landscape metric was evaluated for the degree of departure of the current landscape from the
simulated HRV distribution. Thus, the landscape received a departure index (range 0-100) for
each metric. We computed the mean departure score across metrics to create the final *Landscape
Configuration Departure Index*, similar to the process for seral-stage departure.

Lastly, we combined the landscape composition and configuration departure indices into an
overall *Landscape Structure Departure Index *by taking the average of the two component
indices. Note, the simple mean is not the only way to combine the component indices. The final
index could just as easily be computed as from the geometric mean, weighted arithmetic mean,
or maximum component index, depending on the emphasis sought.

Characterization of Scale and Context Effects

To examine the effects of scale - specifically, landscape extent - and landscape context (i.e., the unique landscape structure associated with each geographic location) on the measured dynamics in landscape structure and wildlife habitat capability (for the selected indicator species), we subdivided the full landscape into four quadrants (quadrants based on physiographic differences) of similar size and further selected a single watershed of comparable size nested within each quadrant (Figure-map), as follows:

Level |
Landscape |
Total Area (ha) |

1 |
Uncompahgre Plateau |
659,246 |

2 |
SE Quadrant |
154,281 |

2 |
SW Quadrant |
201,601 |

2 |
NE Quadrant |
183,294 |

2 |
NW Quadrant |
120,071 |

3 |
Dry Creek Watershed |
52,910 |

3 |
Horsefly Creek Watershed |
29,332 |

3 |
Dominguez Creek Watershed |
42,876 |

3 |
Mesa Creek Watershed |
26,598 |

Note, RMLANDS was run on the full UPL landscape only. The output landscapes were clipped to each of these sub-landscapes for purposes of landscape pattern analysis (FRAGSTATS) and wildlife habitat capability analysis (HABIT@).

To assess the effects of scale (landscape extent), we compared the range of variability in
landscape structure (using FRAGSTATS) and wildlife habitat capability (using HABIT@)
among the three scales. Our goal was not to examine a comprehensive range of scales, but rather
to examine potentially realistic scales for planning and/or analysis. With regards to landscape
structure, we combined data across simulation runs (i.e., ignored the separate runs) for a total of
350 observations (5 runs x 70 snapshots at 10-year intervals) at each scale. We computed the
90% coefficient of variation in each metric for each landscape. We defined the 90% coefficient
of variation as the difference between the 5^{th} and 95^{th} percentiles of the metric distribution,
divided by the median (50^{th} percentile) and multiplied by 100 to convert to a percentage. This
measure is similar to a conventional coefficient of variation, but instead of using the standard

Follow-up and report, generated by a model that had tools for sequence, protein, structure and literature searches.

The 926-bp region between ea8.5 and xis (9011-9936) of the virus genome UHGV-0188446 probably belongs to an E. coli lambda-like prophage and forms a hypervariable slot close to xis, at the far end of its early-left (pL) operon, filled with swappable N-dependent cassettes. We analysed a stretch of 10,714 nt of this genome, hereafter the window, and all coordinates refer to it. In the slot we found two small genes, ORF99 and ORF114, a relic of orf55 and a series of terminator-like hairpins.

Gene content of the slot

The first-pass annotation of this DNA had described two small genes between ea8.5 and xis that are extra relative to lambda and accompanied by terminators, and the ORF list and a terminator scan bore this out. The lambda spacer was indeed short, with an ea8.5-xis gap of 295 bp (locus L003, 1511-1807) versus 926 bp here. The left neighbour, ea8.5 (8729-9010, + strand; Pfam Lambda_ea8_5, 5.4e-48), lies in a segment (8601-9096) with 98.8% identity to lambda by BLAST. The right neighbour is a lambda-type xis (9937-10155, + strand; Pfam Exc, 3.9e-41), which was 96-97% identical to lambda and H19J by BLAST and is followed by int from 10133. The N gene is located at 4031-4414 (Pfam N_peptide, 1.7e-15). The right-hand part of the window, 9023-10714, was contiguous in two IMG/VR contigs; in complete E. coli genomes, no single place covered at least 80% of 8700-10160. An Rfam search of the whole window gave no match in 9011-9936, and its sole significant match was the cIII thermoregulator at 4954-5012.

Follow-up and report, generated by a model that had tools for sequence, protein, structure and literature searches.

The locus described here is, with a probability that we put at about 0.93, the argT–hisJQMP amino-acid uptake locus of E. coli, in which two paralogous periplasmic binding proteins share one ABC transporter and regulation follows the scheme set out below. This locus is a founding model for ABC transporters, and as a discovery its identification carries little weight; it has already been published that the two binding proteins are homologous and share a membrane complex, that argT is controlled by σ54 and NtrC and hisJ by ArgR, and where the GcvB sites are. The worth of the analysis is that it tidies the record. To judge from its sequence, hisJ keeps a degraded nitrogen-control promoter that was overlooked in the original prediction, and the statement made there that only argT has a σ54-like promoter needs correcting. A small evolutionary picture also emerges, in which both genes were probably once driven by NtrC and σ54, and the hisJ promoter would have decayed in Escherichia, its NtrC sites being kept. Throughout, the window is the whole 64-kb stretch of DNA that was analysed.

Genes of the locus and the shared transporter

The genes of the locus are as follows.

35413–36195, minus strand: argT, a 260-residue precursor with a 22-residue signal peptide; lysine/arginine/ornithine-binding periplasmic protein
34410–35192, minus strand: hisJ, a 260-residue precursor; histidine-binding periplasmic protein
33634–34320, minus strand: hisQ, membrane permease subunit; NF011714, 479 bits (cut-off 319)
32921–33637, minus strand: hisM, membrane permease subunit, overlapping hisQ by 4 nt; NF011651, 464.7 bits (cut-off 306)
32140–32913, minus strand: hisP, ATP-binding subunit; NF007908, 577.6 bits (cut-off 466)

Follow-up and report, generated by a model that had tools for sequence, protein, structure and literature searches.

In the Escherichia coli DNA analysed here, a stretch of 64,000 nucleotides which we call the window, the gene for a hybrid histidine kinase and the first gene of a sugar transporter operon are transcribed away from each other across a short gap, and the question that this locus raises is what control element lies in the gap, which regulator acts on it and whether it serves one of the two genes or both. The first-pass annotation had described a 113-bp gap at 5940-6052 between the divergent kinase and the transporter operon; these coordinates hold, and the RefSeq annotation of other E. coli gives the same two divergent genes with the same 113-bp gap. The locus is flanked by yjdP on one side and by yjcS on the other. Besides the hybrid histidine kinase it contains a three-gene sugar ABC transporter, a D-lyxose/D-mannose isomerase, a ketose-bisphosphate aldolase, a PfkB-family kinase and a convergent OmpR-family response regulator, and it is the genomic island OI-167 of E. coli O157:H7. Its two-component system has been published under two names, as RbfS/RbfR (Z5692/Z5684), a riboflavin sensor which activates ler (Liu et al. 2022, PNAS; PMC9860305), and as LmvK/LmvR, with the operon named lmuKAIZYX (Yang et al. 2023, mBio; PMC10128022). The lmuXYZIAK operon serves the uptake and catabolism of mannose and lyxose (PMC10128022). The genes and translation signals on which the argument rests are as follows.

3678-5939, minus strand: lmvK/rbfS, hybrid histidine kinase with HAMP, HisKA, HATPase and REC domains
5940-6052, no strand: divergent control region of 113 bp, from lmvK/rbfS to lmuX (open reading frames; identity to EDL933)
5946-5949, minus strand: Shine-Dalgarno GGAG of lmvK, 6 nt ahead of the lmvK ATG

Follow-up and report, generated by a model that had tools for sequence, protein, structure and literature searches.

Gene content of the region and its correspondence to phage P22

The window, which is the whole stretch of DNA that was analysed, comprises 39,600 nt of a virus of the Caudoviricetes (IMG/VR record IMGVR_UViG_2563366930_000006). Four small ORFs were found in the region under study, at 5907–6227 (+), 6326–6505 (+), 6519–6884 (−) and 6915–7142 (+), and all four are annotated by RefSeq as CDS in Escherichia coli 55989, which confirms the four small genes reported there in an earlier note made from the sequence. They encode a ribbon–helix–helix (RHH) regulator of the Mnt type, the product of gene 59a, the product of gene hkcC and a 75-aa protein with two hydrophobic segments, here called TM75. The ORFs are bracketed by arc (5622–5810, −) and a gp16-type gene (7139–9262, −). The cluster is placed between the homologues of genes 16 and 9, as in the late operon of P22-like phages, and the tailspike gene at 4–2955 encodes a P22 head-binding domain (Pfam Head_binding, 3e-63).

deviation (which assumes a normal distribution) as a measure of variance we used the 5^{th} to 95^{th}
percentile range (which involves no assumptions about the distribution), and instead of using the
mean (which is most appropriate for a symmetrical distribution) to represent the central tendency
we used the median (which is more appropriate for non-normal distributions). This provided a
relative measure of the range of variation in each landscape metric that was comparable across
metrics and landscape extents. With regards to wildlife habitat capability, we were only able to
complete the HABIT@ analysis for single representative run due to the intensive computation
requirements. Moreover, we were only able to complete the analysis at the scale of the UPL for a
single indicator species - three-toed woodpecker. Otherwise, all four indicator species were
analyzed for the SW Quadrant and Horsefly Creek Watershed. As with the landscape metrics, we
computed the 90% coefficient of variation in each species’ Landscape Capability (LC) index for
each landscape. This provided a relative measure of the range of variation in each species’ habitat
that was comparable across species and landscape extents.

Similarly, to assess the effects of landscape context, we compared the range of variability in landscape structure among landscapes at the finest and intermediate scales (i.e., watershed and quadrant scales). We were unable to assess the relationship between landscape context and wildlife habitat capability as we were only able to complete the HABIT@ analyses for a single extent (i.e., sublandscape) at each scale. Our goal was not to examine every possible context, but rather to examine a range of contexts in order to demonstrate the importance of context (i.e., that no two landscapes are the same). As before, we combined data across simulation runs (i.e., ignored separate runs) for a total of 350 observations (5 runs x 70 snapshots at 10-year intervals) for each quadrant and watershed. We compared the percent similarity in the distribution of each metric among landscapes at each extent. Specifically, we computed the percent similarity as the range of values common to both landscapes divided by the total range of values across both landscapes, multiplied by 100 to convert to a percentage. For example, for a particular metric, if landscape A had a range of 1-10 and landscape B had a range of 2-15, the percent overlap would be 8 (range 2-10 in common) divided by 15 (range 1-15) times 100, or 53%. For each metric, we computed the percent similarity between each pairwise combination of landscapes at each scale and then computed the average percent similarity across comparisons. We interpreted 100% similarity as evidence that the different landscapes experienced identical ranges of variation and, therefore, that landscape context was not important. We interpreted values <100% as evidence that landscapes behaved differently and therefore that landscape context was important. Zero percent similarity indicated that the landscapes had completely different ranges of variation in the corresponding metric.